According to the Canadian Institute for Health Information, the number of COVID -19 cases among health care workers has tripled since July 2020. As of January 15, 65,920 health workers have been infected with COVID -19 virus, representing 9.5 percent of all infections in Canada. More than 40 health workers are known to have died from the illness. In our troubled long term care system, insufficient staffing and safety protocols have contributed to a national tragedy. About 25,000 health care workers infected are in long term care. More than 14,000 vulnerable residents are known to have died from COVID 19, representing 70 percent of all deaths in Canada. It didn’t have to be this way!
As early as January of last year, the Canadian Federation of Nurses unions began urging governments across Canada to heed the lessons of SARS and adopt a precautionary approach. This meant assuming the virus was airborne and protecting health-care workers-potential vectors of transmission-accordingly.
Despite similar efforts by unions across the country, health-care workers have been put at unacceptable risk, with implications for their families, patients, and communities. Most health care workers, even those caring for COVID-19 patients, were only provided flimsy surgical masks, and in many jurisdictions, masks were reused until they were soiled and damaged. Faced with supply issues, N95 respirators were often locked away.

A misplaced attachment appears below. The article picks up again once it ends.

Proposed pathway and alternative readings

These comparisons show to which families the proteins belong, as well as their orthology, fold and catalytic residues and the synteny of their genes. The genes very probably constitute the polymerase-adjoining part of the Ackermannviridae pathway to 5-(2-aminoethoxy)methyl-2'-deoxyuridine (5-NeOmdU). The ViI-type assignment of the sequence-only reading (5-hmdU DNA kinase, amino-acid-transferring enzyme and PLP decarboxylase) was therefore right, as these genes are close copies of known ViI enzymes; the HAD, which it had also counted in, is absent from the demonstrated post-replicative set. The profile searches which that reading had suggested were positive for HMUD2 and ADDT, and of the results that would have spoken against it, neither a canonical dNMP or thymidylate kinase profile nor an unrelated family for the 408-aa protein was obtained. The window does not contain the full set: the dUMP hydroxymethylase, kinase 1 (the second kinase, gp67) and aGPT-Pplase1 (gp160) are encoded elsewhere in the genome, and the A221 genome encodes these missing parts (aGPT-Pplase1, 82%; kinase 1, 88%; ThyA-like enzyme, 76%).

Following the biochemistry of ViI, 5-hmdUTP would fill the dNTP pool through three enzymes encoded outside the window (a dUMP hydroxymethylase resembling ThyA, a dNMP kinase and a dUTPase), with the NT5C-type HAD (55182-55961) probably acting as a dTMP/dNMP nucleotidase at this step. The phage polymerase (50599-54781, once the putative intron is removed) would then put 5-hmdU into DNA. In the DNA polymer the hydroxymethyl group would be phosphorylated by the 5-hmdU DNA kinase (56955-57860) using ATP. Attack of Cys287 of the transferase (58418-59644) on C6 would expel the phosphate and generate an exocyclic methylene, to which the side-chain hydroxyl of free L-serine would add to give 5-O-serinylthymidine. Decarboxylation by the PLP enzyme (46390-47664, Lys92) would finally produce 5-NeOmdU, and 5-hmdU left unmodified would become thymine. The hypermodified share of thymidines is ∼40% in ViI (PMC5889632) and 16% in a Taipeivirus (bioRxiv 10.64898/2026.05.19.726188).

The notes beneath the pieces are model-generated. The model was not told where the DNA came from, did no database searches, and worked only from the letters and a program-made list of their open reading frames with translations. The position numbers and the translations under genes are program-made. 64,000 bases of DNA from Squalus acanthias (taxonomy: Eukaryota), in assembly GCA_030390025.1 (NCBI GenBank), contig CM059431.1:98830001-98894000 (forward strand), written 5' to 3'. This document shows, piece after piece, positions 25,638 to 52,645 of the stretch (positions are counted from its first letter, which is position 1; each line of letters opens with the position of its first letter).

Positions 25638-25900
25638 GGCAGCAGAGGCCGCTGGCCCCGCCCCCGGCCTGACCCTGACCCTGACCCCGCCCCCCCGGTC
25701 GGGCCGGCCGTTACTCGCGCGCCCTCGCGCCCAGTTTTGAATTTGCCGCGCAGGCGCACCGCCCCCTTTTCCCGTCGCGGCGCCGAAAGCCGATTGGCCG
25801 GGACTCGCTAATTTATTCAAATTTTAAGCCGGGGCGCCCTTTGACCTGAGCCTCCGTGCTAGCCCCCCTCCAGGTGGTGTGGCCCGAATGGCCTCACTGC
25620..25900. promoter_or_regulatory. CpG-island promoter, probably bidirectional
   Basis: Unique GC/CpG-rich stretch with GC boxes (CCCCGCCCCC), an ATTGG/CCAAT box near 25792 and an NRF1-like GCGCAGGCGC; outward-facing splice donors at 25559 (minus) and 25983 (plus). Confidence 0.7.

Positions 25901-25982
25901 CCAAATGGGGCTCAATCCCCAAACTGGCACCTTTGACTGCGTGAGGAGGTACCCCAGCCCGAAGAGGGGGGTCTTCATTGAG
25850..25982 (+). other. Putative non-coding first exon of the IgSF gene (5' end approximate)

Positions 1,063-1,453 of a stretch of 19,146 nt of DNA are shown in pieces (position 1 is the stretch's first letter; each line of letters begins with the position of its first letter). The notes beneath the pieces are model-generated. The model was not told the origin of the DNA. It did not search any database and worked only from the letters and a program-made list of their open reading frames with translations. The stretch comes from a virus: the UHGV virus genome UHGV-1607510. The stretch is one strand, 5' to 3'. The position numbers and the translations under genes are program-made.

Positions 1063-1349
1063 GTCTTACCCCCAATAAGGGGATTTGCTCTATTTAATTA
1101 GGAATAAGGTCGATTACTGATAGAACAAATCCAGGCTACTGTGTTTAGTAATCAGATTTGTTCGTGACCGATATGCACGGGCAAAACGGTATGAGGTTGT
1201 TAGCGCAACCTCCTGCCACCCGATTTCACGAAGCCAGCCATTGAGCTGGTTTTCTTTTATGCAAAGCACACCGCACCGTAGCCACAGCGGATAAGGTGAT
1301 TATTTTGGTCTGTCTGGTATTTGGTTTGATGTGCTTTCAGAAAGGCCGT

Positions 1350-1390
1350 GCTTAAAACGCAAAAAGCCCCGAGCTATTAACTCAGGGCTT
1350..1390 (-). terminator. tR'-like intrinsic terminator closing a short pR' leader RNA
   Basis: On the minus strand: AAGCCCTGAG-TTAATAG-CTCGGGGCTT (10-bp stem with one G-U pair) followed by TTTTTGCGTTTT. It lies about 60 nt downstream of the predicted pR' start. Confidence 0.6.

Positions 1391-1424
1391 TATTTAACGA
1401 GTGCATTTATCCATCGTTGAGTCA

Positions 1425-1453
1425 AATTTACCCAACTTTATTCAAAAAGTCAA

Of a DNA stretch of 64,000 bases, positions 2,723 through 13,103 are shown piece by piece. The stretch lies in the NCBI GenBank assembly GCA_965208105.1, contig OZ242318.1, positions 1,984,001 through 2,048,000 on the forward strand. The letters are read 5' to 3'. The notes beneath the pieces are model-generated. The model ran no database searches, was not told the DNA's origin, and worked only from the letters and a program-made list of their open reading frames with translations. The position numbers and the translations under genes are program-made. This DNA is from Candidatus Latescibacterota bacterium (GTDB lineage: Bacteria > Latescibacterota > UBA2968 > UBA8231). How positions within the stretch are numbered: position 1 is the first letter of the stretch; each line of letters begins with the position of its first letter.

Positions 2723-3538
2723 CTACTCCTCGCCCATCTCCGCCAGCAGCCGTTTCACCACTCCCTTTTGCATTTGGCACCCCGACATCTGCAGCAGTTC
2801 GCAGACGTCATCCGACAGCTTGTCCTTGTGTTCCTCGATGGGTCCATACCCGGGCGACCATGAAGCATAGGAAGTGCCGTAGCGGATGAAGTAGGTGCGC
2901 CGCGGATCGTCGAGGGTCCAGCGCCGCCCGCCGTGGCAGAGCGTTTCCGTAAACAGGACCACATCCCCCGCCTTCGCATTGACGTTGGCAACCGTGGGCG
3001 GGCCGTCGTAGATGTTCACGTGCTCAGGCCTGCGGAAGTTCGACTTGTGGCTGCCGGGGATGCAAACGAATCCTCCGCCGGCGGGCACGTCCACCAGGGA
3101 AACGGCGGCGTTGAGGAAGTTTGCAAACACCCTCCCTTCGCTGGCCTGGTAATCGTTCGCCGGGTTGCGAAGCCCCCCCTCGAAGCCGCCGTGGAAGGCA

It took the Public Health Agency of Canada (PHAC) until Jan 2021 to acknowledge what unions and many experts have said all along. Health care workers are at risk of airborne transmissions when in close proximity to an infected person. Yet PHAC still does not require healthcare workers in COVID-19 units and hot zones to wear protection from airborne transmission, such as N95 respirators.
Similarly, provinces across Canada have failed to update their guidance to adequately reflect what we now know about the virus and how it spreads. Only Quebec has followed the scientific evidence to its natural conclusion. As of Feb 11 2021, Quebec requires health – care workers in COVID -19 hot zones to wear an N95 respirator or superior level of protection. As new variants circulate in Canada, dramatically increasing the rate of transmission, burned out health care workers are under pressure. Without actions, health staffing, which is already in short supply, could become depleted even further. We must not let this happen!
We know from experts and evidence that there is a desperate need for more staff, not less. The long standing cycle of budget cuts, short-staffing, and higher workloads has eroded the health care workforce and quality of patient care. A major investment in the retention and recruitment of nurses is needed now or is likely we will see an exodus from the profession as burnout takes its toll.